If you have a dog or a cat at home, watch it the next time your pet is lying on its side or on its back. You will notice that as the animal inhales, he/she will take the air all the way down to his/her lower torso. We are born breathing with the support of the diaphragm but as we develop, we stop this practice and revert to shallow or lazy breathing, using only the upper portion of the chest to breathe. (I’ve included a link in my bio where you can watch baby John as he breathes.)

Why is breathing so important? If you breathe using only the upper portion of your chest, you are actually increasing the toxins in your body which means that you are increasing your stress.

When you learn how to breathe with the support of your diaphragm, on the other hand, you will notice that you are more relaxed and that the tension in your neck and shoulders will disappear. The reason is because you are eliminating those nasty toxins in your body which actually decreases your stress.

Yoga is a marvelous means of decreasing stress but I question why one would spend 20 or 30 minutes a day practicing yoga, when, if you make diaphragmatic breathing a habit, you can then spend your entire day more relaxed. You may find that you sleep better, fall asleep faster, lower your blood pressure, control nervousness in any form of public speaking, and gain more from sports or fitness programs just by breathing properly.

Some years ago I had a double biopsy in my left breast in which the breast was squeezed (just like a mammogram) for 45 minutes while awake. The breast was not anesthetized except for a tiny area where tissue was removed with a harpoon-type instrument. When it was time for the surgeon to re-squeeze, re-anesthetize, and re-shoot for the second biopsy, I had fallen asleep. Was this a pleasant experience? No, but because I concentrated on my breathing, I was able to sleep through the procedure. I breathe properly 24 hours a day because it is a habit. I don’t think about it: I just do it. In the situation of the biopsy, I consciously breathed and that is why I was able to fall asleep.
Learn to breathe with the support of your diaphragm and I guarantee you will notice a tremendous difference in how you deal with stress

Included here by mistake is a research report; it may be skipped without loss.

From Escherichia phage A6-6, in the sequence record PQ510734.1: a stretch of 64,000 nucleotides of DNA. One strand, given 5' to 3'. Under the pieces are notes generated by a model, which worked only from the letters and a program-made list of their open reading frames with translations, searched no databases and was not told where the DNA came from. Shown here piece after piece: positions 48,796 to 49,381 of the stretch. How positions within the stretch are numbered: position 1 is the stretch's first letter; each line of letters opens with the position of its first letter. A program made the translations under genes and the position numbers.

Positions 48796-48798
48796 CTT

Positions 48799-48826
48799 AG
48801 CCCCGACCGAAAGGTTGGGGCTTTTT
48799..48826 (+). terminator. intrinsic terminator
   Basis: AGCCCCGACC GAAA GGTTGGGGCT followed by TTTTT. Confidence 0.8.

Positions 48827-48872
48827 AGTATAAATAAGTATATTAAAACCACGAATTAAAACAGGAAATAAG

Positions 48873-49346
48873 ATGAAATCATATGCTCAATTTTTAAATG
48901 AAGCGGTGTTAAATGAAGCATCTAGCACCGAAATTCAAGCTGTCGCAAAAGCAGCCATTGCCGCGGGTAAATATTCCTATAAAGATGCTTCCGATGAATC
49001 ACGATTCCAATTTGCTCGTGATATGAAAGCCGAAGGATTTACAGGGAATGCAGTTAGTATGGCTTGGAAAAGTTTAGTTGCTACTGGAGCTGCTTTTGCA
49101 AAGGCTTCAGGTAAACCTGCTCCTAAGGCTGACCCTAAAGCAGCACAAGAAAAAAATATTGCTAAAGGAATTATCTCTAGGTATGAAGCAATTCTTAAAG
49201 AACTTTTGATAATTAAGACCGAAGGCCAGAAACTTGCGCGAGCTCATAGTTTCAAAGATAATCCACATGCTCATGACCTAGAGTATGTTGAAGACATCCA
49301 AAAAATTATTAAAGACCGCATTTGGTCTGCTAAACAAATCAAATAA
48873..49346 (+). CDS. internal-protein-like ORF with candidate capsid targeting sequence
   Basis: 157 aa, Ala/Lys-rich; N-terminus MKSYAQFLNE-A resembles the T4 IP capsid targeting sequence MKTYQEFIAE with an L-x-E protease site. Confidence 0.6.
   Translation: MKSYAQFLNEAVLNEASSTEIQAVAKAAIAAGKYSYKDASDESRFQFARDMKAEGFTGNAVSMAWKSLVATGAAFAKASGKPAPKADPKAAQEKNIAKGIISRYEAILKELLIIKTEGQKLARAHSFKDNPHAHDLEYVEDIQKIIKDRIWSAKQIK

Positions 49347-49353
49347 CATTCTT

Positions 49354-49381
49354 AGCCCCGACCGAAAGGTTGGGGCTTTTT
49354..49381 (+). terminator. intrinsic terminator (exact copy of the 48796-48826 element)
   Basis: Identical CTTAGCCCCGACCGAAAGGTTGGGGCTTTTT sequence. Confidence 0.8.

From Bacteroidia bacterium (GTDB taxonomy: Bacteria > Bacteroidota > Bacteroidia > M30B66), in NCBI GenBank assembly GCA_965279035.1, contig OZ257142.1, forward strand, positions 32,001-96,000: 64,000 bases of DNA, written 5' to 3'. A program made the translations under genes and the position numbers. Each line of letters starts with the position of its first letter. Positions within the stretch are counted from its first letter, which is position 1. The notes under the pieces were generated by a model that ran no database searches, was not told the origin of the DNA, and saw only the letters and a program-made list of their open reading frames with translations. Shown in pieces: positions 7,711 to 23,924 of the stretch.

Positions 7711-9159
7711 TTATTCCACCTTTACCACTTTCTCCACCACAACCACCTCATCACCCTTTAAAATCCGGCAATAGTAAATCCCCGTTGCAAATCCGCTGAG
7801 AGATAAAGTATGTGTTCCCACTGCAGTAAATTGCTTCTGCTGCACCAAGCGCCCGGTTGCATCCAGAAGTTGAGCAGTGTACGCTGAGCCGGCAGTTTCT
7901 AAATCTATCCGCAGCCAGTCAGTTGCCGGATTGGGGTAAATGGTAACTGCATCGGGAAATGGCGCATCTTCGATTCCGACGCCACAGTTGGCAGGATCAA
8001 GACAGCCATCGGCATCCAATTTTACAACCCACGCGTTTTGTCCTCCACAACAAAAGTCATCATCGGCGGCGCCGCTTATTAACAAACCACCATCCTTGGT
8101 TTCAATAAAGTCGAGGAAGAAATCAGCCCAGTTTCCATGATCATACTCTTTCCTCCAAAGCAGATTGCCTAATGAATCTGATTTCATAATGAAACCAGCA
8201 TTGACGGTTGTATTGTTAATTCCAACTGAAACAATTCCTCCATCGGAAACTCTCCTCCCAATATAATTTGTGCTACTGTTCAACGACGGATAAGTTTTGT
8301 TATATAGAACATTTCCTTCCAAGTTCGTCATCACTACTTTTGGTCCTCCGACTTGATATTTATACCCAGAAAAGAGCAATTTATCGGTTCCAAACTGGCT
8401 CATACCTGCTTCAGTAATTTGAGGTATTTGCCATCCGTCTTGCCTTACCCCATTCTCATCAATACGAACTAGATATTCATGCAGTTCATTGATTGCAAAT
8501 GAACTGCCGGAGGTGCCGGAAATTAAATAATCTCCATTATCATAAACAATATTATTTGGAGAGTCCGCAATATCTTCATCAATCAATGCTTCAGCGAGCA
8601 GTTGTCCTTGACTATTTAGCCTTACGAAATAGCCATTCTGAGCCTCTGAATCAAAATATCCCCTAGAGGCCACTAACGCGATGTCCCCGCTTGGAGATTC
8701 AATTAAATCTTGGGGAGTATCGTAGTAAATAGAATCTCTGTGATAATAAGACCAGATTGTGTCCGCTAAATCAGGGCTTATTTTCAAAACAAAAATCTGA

Imagine ordering your kids to be quiet, to sit down, or to stop fighting with each other without yelling at them. Because I breathe properly, I am able to increase my volume without shouting. It is called projection and it is truly the best means for establishing total control over the situation. In all the years of raising my two boys, I never yelled at them; I projected. Kids don’t listen when you scream but they definitely take notice when you learn how to project!

It is truly amazing to discover the many benefits of deep supported breathing.

In Part II, I will show you some simple techniques that can change your life in more ways than you can imagine.




International Speaker and Voice Specialist, Nancy Daniels, has been involved in voice training since 1977. A graduate of Gettysburg College with a BA in music, she discovered the techniques for improving the sound of the speaking voice while in graduate school at American University in Washington, D.C.

In addition to her guest speaking engagements, Nancy offers private, corporate and group workshops in voice training and public speaking skills throughout the United States and Canada. For those are unable to work with
her directly, there is Voicing It!, the only video training program on voice improvement. For more information on voice training, future workshops, and
Voicing It!, visit her Voice Dynamic website.
http://www.voicedynamic.com